When all at once by light as indicator flickr'd
A hedgerow decked with witches' knickers
Atop the lake, hanging from trees,
Sod the planet, we've tourists to please.

No FT, no...?

A healthy debate

FT stands for Flippin' Time. If I haven't got much spare, and there is no end benefit, what's the point in wasting any?

I'm really only interested in what might score some readers back to my blog, which needs a link, or furthering my pet causes, which needs some open minds online.

The Telegraph 'moderates' a lot, which can be off-putting. The Guardian does not. The former puts last first, while most you have to scroll all through to get to the latest. All can add, or detrat, to the appeal of offering free editorial.

I have a cut-off of a hundred, because usually that means by then a core brigade are trading shots, which gets no one anywhere. A shame, because often a good post can come in late as the poster has only just arrived and still feels they can contribute.

That said, I often wait a few days and lob one in just to have the last word. Though to be professional, that does mean reading all inbetween, which can be a chore.

Like digging for the gold seam, you never know what you may miss if you give up to soon.

Curse this damn urge to discover and share!

Hey, it's lunchtime. I had a banana in one hand and some time on the other.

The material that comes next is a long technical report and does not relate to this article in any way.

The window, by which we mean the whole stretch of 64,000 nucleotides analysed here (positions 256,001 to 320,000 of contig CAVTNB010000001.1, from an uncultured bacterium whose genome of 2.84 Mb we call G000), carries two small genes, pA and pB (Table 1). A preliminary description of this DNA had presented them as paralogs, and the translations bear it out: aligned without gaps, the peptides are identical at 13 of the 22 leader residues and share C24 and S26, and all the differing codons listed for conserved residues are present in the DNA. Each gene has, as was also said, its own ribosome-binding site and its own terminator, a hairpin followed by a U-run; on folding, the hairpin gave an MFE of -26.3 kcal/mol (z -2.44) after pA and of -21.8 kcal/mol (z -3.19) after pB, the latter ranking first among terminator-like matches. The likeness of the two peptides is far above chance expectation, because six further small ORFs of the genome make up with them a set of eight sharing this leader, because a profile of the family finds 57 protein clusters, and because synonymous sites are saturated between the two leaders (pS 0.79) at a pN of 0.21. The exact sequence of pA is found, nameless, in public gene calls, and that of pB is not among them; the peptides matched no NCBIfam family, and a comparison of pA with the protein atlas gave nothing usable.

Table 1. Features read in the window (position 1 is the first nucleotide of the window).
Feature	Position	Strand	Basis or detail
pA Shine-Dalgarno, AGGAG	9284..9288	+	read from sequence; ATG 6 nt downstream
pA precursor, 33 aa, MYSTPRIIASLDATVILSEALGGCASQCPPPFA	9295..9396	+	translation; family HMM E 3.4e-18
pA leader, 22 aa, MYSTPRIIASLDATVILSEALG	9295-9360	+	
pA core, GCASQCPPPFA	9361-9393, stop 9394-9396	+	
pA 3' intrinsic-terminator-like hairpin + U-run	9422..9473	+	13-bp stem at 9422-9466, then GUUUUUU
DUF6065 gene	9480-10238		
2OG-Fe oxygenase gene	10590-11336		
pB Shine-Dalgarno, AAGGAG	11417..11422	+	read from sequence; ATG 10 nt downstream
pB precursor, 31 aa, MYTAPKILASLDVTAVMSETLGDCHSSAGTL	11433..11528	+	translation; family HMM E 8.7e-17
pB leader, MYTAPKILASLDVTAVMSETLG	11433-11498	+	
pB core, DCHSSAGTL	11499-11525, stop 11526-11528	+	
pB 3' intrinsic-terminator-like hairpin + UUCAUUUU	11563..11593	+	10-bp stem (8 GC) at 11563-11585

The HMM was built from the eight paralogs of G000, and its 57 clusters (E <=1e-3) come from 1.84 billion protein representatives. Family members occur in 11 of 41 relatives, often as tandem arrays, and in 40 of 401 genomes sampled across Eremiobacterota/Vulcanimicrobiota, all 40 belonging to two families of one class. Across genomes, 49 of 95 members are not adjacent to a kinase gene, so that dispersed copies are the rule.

Nothing like a bit of editting

Manipulating 'weak-minded Westerners'
Take a careful look at the comments that are posted to your favourite blogs. They could come from Muslim extremists in disguise. Honestly.

Take a careful look at the news from your daily newspapers. They could come from agenda-driven hype merchants disguised as journalists. Honestly.

Words, almost, fail me

A celebrity-endorsed bag proclaiming 'I'm not a plastic bag' is expected to sell out within hours

But I may just manage a quick comment that this pack of eco-morons and their sheep like media luvvies think it is helping the planet to get the brain dead, more money-than-sensisats to dash out to buy another bag to do their shopping in.

What chance doing if they are still not yet understanding

Gordon the green engine?

Whatever measures Mr. Brown does take, and lord alone knows some are necessary, it is to be hoped that they will be thought through and 'sold' to the public a darn sight better than they have been to date.

One major hurdle is to convince those who do not live in the London-C - for centric- zone (between the BBC in the West, Canary Wharf in the East, and all the various political and activist hotspots in between, which are easily accessed by tube, bus and bike (weather, lack of kids, more than one shopping bag, not living in a flat city... permitting}) that this is not some half-baked notion cooked up by an urban elite with no idea of the real world most of the population is struggling to live and work in.

So how one financially dissuades a squillionaire Yummy Mummy in her annually renewed Cayenne, whilst not bankrupting a farmer in their 30 year old Land Rover (how much is produced simply in in a car's manufacture?), to get both in a Hybrid (good log pullers, I'm sure) is anyone's guess.

Especially, as I understand it, in London (all hail) the EverReady-buggy can buzz about all day, emitting away, for free, while a Suzuki Vitara would get busted for a 3 mile trip to and from Paddington from Wandsworth to be parked, CO2less, all day. Kensington to the City and you're golden... er.. green to go in a Hummer, of course.

So how long 'it' emits is surely as key as what? But then you need to work around the district nurse in the Dales with her Fiesta, and you have a Gordknotian problem to unravel.